Carricante is a white variety indigenous to Sicily, Italy’s largest island. Actually, Sicily is six percent bigger and produces six times as much wine as Sardinia, the other Italian island where my rare varieties obsession began. Though I have always enjoyed discovering the lesser known wines of the world, a whole new universe of wine opened up to me in Sardinia. Tasting wines like Vernaccia di Oristano D.O.C., Malvasia di Bosa D.O.C., Granazza, and Bovale was life changing. I recognized that most people have never even heard of these phenomenal wines. Furthermore, the producers deserve international recognition for maintaining their native varieties. After all, they are preserving a piece of cultural history. So, I decided to do something about it and my rare varieties series was born.
According to Karen McNeil’s The Wine Bible, Sicily is the largest wine producing region in Italy in terms of size at 10,000 square miles. Sicily, like many other regions of Italy, has a rich history of viticulture and winemaking. The Greeks advanced this rich history by bringing their modern winemaking techniques to the Mediterranean island. Though Sicilians had been producing wine since 4,000 B.C., the Greeks helped make Sicilian wines world-renowned in ancient times. Staking claim to Julius Caesar’s favorite wine also didn’t hurt Sicily’s reputation in the wine world.
However, along with other southern Italian wine regions in the twentieth century, Sicily’s focus turned to producing quantity over quality. In an effort to attract an international market, Sicilian producers were making dynamic wines from international varieties like Chardonnay. Thankfully, with the rapid rise in popularity of Mount Etna wines, Sicilian producers have returned to an emphasis on quality production and embracing their native grapes.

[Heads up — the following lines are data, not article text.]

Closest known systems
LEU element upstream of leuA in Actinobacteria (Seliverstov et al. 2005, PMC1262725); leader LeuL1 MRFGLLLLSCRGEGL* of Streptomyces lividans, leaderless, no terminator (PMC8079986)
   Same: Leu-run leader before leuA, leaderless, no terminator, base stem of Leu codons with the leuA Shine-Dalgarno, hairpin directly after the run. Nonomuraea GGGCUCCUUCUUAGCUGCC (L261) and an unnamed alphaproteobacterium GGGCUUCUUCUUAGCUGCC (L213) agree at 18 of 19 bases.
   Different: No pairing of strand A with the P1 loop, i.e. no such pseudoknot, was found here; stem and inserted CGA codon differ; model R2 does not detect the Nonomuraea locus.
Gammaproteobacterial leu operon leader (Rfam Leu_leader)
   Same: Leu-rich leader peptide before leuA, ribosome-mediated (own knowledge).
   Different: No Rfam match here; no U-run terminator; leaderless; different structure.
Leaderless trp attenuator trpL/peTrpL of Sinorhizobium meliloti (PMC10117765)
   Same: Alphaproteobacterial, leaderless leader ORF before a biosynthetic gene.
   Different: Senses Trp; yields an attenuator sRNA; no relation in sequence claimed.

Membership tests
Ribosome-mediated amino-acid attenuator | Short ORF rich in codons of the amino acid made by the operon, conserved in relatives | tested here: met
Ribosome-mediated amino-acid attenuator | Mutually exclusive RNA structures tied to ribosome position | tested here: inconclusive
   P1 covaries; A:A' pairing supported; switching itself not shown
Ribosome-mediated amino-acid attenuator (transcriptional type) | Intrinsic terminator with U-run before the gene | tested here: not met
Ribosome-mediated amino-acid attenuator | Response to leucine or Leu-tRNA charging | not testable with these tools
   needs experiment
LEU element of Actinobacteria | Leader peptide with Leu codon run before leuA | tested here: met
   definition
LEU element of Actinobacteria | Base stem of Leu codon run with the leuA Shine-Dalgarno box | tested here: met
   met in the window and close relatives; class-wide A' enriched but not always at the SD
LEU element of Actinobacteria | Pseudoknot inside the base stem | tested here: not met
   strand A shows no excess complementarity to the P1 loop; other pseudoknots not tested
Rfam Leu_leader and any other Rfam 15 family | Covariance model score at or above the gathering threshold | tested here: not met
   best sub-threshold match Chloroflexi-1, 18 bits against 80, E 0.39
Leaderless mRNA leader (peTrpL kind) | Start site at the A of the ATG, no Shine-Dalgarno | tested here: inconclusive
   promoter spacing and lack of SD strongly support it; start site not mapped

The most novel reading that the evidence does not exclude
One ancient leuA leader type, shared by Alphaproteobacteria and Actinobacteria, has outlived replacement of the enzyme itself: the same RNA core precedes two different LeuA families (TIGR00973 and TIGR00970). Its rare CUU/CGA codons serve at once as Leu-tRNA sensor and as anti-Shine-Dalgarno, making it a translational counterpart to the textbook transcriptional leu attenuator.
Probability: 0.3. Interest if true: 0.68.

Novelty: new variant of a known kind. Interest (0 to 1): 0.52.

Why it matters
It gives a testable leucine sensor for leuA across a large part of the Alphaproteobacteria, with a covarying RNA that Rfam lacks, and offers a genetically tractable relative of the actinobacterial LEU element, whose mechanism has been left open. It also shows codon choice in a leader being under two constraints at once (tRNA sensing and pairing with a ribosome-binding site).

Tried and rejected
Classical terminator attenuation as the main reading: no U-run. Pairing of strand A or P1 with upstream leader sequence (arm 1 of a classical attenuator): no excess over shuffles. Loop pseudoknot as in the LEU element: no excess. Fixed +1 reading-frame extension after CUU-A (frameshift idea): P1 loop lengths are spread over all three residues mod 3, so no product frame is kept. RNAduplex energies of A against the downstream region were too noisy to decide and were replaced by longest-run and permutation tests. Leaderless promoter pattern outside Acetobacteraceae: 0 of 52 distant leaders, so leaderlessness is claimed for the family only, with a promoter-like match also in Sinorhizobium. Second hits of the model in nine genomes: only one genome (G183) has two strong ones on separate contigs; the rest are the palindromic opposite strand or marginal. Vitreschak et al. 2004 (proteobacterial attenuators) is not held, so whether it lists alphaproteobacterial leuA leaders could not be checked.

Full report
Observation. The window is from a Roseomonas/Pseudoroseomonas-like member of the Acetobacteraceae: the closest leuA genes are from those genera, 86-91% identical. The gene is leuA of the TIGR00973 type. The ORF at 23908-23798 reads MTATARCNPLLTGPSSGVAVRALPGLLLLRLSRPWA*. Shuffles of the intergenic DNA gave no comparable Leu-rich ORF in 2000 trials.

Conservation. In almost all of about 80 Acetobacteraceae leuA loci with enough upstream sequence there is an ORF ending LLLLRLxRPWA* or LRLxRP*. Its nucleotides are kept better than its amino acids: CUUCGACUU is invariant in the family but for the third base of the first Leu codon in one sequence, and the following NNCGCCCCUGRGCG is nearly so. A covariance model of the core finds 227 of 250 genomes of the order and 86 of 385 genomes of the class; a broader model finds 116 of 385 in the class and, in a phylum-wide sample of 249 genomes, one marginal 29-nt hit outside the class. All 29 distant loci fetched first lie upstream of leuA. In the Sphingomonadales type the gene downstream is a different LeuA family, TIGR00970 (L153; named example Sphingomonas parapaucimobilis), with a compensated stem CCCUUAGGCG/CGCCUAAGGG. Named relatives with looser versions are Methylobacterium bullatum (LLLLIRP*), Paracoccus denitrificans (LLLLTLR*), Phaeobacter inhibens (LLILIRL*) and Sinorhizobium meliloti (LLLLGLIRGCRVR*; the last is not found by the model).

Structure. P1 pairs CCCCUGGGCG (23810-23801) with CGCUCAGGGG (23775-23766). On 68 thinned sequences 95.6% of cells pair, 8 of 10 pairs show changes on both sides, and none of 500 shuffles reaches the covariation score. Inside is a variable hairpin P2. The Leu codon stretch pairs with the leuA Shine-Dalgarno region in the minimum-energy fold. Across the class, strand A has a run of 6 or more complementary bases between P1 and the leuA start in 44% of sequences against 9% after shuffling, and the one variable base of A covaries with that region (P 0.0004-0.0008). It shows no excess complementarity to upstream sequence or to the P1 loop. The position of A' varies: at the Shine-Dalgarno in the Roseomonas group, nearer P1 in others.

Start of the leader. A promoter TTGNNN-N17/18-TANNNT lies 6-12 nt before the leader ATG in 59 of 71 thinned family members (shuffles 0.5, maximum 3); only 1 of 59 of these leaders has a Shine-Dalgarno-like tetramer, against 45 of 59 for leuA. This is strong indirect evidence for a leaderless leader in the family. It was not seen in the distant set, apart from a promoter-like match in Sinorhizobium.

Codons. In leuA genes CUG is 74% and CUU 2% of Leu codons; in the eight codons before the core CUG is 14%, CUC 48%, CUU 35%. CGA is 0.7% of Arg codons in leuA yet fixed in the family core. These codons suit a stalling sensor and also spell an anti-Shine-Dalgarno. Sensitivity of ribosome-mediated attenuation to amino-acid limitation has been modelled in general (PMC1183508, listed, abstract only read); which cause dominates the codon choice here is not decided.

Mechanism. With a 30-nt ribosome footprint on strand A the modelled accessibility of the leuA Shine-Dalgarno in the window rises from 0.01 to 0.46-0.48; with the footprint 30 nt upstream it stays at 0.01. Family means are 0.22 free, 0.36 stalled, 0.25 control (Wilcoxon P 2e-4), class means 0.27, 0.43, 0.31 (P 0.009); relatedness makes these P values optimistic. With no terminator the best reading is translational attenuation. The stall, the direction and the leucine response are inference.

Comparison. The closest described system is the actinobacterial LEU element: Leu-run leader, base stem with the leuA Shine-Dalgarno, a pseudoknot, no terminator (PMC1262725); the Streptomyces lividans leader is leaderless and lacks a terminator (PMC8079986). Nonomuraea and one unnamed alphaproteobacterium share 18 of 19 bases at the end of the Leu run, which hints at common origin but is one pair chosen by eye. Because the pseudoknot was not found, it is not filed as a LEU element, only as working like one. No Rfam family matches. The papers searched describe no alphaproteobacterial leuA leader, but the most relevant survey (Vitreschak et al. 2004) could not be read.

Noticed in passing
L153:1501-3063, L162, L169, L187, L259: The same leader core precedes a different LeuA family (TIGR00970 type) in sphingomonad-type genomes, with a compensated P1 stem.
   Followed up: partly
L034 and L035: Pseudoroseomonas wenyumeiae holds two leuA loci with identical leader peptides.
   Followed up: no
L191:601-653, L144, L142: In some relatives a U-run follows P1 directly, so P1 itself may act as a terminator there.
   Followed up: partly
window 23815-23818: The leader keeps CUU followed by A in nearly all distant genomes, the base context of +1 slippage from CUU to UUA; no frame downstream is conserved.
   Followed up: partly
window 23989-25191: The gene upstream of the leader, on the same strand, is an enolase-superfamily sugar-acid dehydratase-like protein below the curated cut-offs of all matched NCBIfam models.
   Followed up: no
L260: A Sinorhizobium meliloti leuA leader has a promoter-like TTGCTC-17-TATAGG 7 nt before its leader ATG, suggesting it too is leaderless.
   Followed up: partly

In fact, the white wines of Sicily, specifically grown in the foothills of Mt. Etna, are gaining international acclaim for their unmatched, distinctive style. We’re not talking the fruit forward, New World style that has become the status quo. No, Sicilian white wines have found a groove of their own. They exhibit a savory quality rarely found in wines elsewhere. Elevated acidity and lower alcohol levels around 12.5% ABV make these whites exceptionally refreshing and poignant. In a wine world with excessive competition and over saturation, white wines from Sicily are stepping out from the crowd. Plus, the increasing recognition and appreciation of Etna whites and reds supports my theory that wine lovers are longing to expand their horizons.
Mount Etna Bianco D.O.C.
If you have ever tasted a Mount Etna Bianco D.O.C., then you have already tasted Carricante. In 1968, the Mount Etna D.O.C. became the first D.O.C. in Sicily. This geographic indication encompasses 120 square kilometers around the active volcano. White wine, superior white wine, red wine, aged red wine, rosé, sparkling white wine, and sparkling rosé are all produced under the Mount Etna D.O.C.
The Etna Bianco D.O.C. offers a dry style and mandates that the wine must be produced from a minimum of 60 percent Carricante. The remaining 40 percent of the blend will commonly include another native Sicilian variety called Catarratto. Different clones of Cataratto may be used, such as Catarratto Comune or Catarratto Lucido. Additionally, other grapes may be used in this 40 percent, which often includes local varieties Minnella and Gracanico, as well as international varieties like Chardonnay. Wines under this designation must have a minimum 11.5% ABV.
For the Etna Bianco Superiore D.O.C. designation, the wine must be at least 80 percent Carricante. The other previously mentioned varieties account for the remaining 20 percent. Wines under the Superiore distinction are dry in style and must have a minimum 12% ABV.
What’s So Special About Mount Etna?